In a field hospital in an Italian villa, Canadian nurse Hana has remained behind during the German retreat to care for a patient burned beyond all recognition in the care of Bedouins, his identity unknown save for his English accent. The pair are joined by Caravaggio, a thief and old family friend, who soon becomes enthralled by the patient's secrets. Soon after sappers arrive clean to the town of mines, and Kip, an Indian expert in bomb disposal, moves into the villa as well. This unlikely family attempts to heal the wounds left by the war, moving on past tragedy to find love and peace.
As I said early into the book, The English Patient is very poetic; Ondaatje, another Canadian and a poet as well as a novelist, arranges phrases in a sentence like lines in a stanza, building a picture through small details rather than direct description, and the result is prose which is entrancing in places. The plot too builds with pieces falling into place; the situation is poetic too in its way, and like a poem the pieces never seem to jar as they come together, even though they are disparate.
Each character is a story of their own, all people broken by the war and revealing their histories in different ways. The other three characters orbit around the Patient, who has a weight of tragedy and mystery greater than the others; the only clues to his identity are his accent, his fragmentary memory and his dogeared copy of Herodotus' Histories, filled with scribbled diary entries chronicling his past. Hana, whose recent past is not mysterious, cares for him seemingly from a desire for continuity and perhaps a stubborn refusal to allow one more preventable death, while Caravaggio - having had his skills pressed into service in the war, and suffering horribly for it - comes looking for both Hana and her patient, having some suspicions about his true identity.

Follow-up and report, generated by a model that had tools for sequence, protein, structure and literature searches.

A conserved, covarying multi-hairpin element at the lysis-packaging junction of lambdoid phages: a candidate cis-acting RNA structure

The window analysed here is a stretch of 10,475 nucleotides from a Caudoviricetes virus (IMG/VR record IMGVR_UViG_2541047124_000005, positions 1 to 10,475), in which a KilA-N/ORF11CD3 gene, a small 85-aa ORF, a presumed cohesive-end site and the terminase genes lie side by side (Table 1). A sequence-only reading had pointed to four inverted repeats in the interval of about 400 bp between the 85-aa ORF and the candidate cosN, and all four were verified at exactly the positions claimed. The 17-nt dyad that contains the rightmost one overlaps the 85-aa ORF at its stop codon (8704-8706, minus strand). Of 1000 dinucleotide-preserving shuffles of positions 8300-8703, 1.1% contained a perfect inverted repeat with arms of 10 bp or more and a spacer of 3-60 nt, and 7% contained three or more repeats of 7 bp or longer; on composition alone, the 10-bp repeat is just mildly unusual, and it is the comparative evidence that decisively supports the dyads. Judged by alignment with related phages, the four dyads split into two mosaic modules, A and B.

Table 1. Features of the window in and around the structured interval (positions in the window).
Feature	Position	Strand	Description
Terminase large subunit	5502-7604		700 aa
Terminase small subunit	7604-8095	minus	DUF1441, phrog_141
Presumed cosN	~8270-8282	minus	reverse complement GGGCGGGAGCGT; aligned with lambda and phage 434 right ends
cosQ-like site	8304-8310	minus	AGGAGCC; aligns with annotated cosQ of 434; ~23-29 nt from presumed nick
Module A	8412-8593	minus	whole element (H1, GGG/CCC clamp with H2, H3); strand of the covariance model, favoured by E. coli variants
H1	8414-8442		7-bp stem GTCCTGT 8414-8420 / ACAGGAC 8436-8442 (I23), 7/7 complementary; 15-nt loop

The most interesting character, though, is Kip. His story, which takes almost as long to recount as the patient's, is probably my favourite part of the book. The passages in which he is defusing a bomb, feeling its heart, matching wits against an opponent who is distant in both geography and time, are the best and most vital descriptions of the art of engineering ever written. His training too also evokes the same love and understanding of engineering; it can be an artform like any other, terrible or beautiful, simple or complex. Kip feels like the true "hero" of the novel, and the ending - which I won't give away - wouldn't be nearly as effective without him.
Like any good novel it's about journeys, but here only one character is actively in search of something, and even for Caravaggio the Patient's identity seems almost an afterthought. For a novel with such a small cast I was incredibly engaged, though I do wish I had understood Hana more. It's not inappropriate to the story, but despite being ostensibly central to the plot she really only serves as a catalyst for much of the story, listening to the Patient, padding silently through the deserted villa. She does go on a journey, but it's probably the least satisfying since it's the common "woman finds love" that seems somewhat dated now.
Though I've not seen the film - just as I've not seen Field of Dreams and hadn't seen The Godfather before reading it - I did know that Caravaggio was played by Willem Defoe, and I admit that seems like natural casting. I believe the film concentrates on the patient's storyline more than Kip's, and I'm not sure I'd like it as much for that reason - towards the end of the book, it was Kip's story that I loved the most.
So that's the penultimate book; I'll try and get to The Cleft tomorrow.
Page count: 324
Book's title mentioned on page: I'm not sure it is; in the novel they generally refer to him as "the patient", since he's the only one left in the villa
Best name encountered: Carravaggio is pretty great, but I've a soft spot for Madox, one of the men in the patient's memories
New words: loggia
Inner Five-year-old score: 2 (it's a complex adult novel)
Fun Wikipedia fact: One of Ondaatje's thirteen books of poetry is titled There's a Trick With a Knife I'm Learning to Do.